Keys to Finding the Right Remodeling Contractor

Making the decision to remodel is exciting, but don't let that enthusiasm impair your good judgment in finding and hiring the best contractor to suit your particular home remodeling needs. Rather than hiring the first contractor you interview, be prepared to screen at least three potential hires.

While a referral from a friend or family member is a great first step in identifying potential candidates, do your own research, including checking references and your local Better Business Bureau or state's Consumer Affairs Office. As an added precaution, check with the remodeler's suppliers such as the local lumberyard or building inspector.

Get it in Writing

Do your homework first so you understand your options and potential problems. Ask targeted questions about your project and whether the contractor is skilled and experienced in the type of work you need. If you're embarking on a high-end bathroom remodel, look for someone who has worked on similar projects. If you can view the work in person, by all means do so.

Always get a written contract that outlines the project start date and completion date, a detailed list of what will be done and materials used, payment schedule, cancellation policy and warranty. Don't sign the contract until you fully understand and are satisfied with its terms.

Money Talks

If the contractor asks for a significant portion of the project fee up front (more than a third) or to be paid only in cash, be extremely wary. Some states place limits on the allowable down payment. For example, California limits down payments to either $1,000 or 10 percent of the project price, whichever is less.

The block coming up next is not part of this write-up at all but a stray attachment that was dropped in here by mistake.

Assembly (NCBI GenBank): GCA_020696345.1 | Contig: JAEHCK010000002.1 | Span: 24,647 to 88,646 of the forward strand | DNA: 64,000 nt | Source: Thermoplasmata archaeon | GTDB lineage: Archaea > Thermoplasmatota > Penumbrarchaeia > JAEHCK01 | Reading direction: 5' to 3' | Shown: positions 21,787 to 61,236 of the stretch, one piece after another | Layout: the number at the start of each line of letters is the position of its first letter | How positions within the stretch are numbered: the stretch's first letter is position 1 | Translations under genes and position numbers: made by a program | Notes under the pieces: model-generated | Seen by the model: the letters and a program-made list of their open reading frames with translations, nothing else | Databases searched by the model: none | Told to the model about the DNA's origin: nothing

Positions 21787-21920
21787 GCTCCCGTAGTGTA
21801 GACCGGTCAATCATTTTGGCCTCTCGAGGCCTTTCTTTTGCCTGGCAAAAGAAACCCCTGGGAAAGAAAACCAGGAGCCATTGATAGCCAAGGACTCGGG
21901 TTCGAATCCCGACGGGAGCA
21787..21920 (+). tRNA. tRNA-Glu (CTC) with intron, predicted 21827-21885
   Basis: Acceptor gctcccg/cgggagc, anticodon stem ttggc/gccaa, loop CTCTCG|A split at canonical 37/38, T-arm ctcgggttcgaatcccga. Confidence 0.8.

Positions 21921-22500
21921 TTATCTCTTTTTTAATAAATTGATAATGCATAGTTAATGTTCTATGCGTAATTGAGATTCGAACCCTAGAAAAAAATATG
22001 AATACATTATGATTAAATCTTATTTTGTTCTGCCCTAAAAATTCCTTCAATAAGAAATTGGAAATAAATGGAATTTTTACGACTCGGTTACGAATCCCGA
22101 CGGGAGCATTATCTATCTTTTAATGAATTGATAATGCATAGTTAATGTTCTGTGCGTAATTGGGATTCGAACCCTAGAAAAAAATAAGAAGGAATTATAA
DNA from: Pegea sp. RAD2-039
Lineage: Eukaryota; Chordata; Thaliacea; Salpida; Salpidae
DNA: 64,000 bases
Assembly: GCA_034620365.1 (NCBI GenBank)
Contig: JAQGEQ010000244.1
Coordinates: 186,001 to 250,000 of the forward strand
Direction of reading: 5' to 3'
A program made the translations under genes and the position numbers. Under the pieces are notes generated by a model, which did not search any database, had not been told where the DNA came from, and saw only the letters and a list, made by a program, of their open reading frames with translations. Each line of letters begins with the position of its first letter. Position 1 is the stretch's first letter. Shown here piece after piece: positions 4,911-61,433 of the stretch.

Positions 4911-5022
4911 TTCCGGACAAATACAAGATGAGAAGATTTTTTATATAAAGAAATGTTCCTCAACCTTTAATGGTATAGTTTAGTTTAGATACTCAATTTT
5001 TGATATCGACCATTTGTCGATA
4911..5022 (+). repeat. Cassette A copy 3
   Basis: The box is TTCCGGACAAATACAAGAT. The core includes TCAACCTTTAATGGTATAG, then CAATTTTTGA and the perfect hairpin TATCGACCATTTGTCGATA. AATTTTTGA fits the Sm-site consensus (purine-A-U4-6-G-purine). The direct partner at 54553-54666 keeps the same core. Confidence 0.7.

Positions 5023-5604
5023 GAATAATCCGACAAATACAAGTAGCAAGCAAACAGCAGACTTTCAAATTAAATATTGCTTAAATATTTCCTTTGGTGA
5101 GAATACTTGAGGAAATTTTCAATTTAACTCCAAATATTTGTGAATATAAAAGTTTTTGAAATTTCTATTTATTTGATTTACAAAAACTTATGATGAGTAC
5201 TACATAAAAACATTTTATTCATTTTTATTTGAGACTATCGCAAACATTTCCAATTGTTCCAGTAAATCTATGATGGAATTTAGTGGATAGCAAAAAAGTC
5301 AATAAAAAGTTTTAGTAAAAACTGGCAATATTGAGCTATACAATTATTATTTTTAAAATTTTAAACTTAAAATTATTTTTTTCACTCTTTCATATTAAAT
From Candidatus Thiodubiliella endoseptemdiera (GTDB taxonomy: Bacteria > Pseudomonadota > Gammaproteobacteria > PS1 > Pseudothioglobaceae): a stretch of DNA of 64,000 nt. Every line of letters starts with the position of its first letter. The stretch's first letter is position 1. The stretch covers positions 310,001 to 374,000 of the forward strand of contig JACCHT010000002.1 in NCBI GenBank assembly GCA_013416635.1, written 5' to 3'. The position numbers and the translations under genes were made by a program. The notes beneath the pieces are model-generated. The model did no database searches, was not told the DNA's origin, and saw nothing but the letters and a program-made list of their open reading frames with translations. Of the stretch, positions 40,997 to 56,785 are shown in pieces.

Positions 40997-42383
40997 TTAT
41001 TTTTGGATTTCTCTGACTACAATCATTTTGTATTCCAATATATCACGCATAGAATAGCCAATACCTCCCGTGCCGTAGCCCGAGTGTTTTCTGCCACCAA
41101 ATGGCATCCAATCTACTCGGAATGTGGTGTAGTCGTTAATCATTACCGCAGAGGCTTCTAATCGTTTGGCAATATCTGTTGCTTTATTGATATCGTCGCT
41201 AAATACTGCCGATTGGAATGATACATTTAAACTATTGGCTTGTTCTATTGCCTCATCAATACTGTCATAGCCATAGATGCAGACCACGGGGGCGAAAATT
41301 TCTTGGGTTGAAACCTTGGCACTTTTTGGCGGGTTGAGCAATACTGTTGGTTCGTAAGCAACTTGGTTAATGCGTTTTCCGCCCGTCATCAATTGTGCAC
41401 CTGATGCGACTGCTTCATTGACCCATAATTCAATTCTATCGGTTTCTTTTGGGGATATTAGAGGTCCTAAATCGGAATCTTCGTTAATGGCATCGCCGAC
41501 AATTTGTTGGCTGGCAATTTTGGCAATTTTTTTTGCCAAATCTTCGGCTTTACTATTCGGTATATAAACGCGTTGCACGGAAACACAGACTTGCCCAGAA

Don't get enamored by a low bid, no matter how tempting. It is possible that the contractor doesn't have the experience to properly price your job or is willing to take shortcuts or use cheaper materials. Likewise, a high bid doesn't guarantee exceptional work. Get as many bids as you can, making sure you're comparing apples to apples about the scope of the project and the quality of the materials. Evaluate each bid based on value, rather than on price alone.

Get More Information

While price and how long the job will take are important considerations, determine if a potential contractor is reliable, trustworthy and experienced.

For more advice on selecting a contractor, visit the National Association of the Remodeling Industry's website.

Some good questions to ask are:

  • How long have you been in business? How many projects similar to mine have you completed in the past year?
  • How is your company organized? Will you be using full-time employees or subcontractors? Who will supervise these workers and take responsibility for the entire project?
  • Do you have workers compensation and liability insurance? Can I see a copy? (Even if the contractor shows you a written policy, there is no guarantee that the policy is still valid, says the National Association of the Remodeling Industry. Verify by calling the insurance agency.)
  • Do you have a list of customer and business references I can contact?
  • Are you a member of any national trade association? Have you or your employees had any special training or education?
  • Do we need permits for this project and will you take care of those?

Remodeling can be fun or it can be frustrating. Taking the time to find the right contractor won't guarantee flawless execution, but your contractor should be able to minimize problems, find solutions and work with you to make the project a success.


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This information is general in nature and is not intended to be legal, tax, or financial advice. Although Regions believes this information to be accurate, it cannot ensure that it will remain up to date. Statements or opinions of individuals referenced herein are their own—not Regions'. Consult an appropriate professional concerning your specific situation and for current tax rules. Regions, the Regions logo, and the LifeGreen bike are registered trademarks of Regions Bank. The LifeGreen color is a trademark of Regions Bank.